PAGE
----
A wave system separation method named the “watershed algorithm” proposed by Gerling (1992) is based on the geometric characteristics of a spectrum without considering the geophysical properties. In this scheme, the lowest threshold is found when the part of the spectrum above the threshold value is disconnected. This procedure is repeated until all systems are detected. A partition is deemed significant if it is consistent in time and space. So, a practical limitation appears that it demands the availability of other wave spectra. In addition, the number of wave systems detectable in an observed spectrum by this method is representative of the order of tens, complicating the process of associating wave components with that of neighbors at different times. Following Gerling (1992), Guillaume (1994), Hasselmann et al. (1996), and Voorrips et al. (1997) add constraints of the geophysical properties of sea state to the separation and form their own methodology. In Guillaume’s (1994) method, the maximum spectral peak is selected and all the bins within a certain direction and frequency range are allocated to that peak, leading to the formation of a wave system. Then the process is iterated for the next maximum peak. The major disadvantage of this scheme is that the spread of a wave system is not taken into consideration. Hasselmann et al.’s (1996) approach is based on the steepest ascent algorithm, which in essence calculates the basins of attraction for each peak. But the criteria used for merging peaks rely on rather arbitrary parameters that need to be adjusted for different situations. Voorrips et al. (1997) simply merge partitions with low energy (i.e., lower than 0.0025 m2).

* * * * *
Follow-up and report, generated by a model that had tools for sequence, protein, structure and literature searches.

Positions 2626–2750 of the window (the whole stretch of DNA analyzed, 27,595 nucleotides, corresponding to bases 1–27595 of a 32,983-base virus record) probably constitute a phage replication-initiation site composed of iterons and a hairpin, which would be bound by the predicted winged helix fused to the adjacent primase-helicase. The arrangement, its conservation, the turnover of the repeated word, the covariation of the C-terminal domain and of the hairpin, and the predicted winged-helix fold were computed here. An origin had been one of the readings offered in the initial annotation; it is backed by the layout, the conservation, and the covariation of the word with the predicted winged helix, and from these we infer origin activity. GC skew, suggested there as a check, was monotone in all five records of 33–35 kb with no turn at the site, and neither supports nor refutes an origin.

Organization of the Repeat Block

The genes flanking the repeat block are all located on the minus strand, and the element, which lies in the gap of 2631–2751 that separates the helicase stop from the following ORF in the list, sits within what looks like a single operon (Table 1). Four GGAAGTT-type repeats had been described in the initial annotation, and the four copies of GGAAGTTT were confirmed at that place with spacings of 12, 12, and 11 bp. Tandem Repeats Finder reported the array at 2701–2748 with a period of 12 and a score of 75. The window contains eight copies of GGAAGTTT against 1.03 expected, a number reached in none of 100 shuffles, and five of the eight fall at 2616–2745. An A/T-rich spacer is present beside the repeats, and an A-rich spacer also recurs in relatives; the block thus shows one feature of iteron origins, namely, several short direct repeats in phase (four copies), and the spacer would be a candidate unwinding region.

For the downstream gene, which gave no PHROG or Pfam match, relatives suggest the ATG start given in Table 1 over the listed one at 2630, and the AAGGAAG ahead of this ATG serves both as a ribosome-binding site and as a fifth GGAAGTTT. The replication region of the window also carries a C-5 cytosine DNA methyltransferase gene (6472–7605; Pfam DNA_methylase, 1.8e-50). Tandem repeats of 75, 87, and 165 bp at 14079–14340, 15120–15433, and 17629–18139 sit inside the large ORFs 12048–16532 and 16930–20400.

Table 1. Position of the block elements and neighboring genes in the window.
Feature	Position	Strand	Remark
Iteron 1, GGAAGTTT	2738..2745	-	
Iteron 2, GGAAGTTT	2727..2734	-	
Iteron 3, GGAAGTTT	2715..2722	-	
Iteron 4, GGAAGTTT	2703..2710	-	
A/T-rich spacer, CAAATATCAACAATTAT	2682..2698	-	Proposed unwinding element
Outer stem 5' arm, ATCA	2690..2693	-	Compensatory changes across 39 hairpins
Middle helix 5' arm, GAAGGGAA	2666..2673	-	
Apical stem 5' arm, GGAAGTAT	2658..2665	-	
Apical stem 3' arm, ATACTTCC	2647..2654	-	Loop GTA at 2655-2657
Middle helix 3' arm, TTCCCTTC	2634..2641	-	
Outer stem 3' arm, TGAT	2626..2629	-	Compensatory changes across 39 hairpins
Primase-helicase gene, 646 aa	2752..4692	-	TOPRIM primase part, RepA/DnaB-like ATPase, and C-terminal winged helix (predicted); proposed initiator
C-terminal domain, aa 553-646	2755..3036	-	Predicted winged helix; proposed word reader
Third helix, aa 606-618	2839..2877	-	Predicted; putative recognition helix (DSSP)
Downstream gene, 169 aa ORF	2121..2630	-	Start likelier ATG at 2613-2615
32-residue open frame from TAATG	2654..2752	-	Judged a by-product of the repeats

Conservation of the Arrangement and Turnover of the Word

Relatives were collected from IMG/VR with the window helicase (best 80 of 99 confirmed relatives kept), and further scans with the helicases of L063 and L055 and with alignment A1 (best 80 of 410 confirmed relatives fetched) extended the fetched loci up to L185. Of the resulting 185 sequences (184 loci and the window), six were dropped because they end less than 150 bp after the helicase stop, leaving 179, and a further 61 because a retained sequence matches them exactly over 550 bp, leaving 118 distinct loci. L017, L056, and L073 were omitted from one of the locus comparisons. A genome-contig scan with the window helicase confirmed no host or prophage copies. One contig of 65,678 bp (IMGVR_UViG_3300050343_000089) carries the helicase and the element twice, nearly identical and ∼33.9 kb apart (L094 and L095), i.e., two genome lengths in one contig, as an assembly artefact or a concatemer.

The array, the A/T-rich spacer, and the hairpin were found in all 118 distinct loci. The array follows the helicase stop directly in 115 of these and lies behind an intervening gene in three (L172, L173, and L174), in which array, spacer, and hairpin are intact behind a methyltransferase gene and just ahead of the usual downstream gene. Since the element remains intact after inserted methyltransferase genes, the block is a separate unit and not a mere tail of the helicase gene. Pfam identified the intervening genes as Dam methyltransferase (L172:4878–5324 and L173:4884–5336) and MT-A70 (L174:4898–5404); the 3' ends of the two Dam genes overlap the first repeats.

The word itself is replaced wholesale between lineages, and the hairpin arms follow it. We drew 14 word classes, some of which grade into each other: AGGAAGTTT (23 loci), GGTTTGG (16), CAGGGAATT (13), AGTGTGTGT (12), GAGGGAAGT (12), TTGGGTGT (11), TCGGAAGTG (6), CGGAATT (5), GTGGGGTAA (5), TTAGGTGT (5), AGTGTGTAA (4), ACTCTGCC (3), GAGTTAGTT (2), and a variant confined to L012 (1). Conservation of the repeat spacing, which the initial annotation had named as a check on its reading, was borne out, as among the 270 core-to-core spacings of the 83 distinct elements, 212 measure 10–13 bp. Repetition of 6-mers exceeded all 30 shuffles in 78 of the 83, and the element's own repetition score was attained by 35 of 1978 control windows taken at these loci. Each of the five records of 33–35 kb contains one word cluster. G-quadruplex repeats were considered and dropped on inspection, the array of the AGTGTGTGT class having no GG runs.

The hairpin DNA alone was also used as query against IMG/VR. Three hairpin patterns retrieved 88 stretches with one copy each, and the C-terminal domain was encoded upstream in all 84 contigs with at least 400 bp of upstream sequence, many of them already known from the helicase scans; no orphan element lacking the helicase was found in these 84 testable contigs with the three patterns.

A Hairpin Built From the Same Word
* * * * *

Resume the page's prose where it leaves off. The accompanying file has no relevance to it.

An iterative smoothing approach including successively combing neighboring peaks and removing spurious peaks has been utilized by Portilla et al. (2009) to reduce the impact of spurious peaks. The approach involves a kind of 2D discrete convolution operation that carries out a weighted average to adjacent peaks. This operation can be repeated until the number of wave systems is less than or equal to a specified threshold set by the user.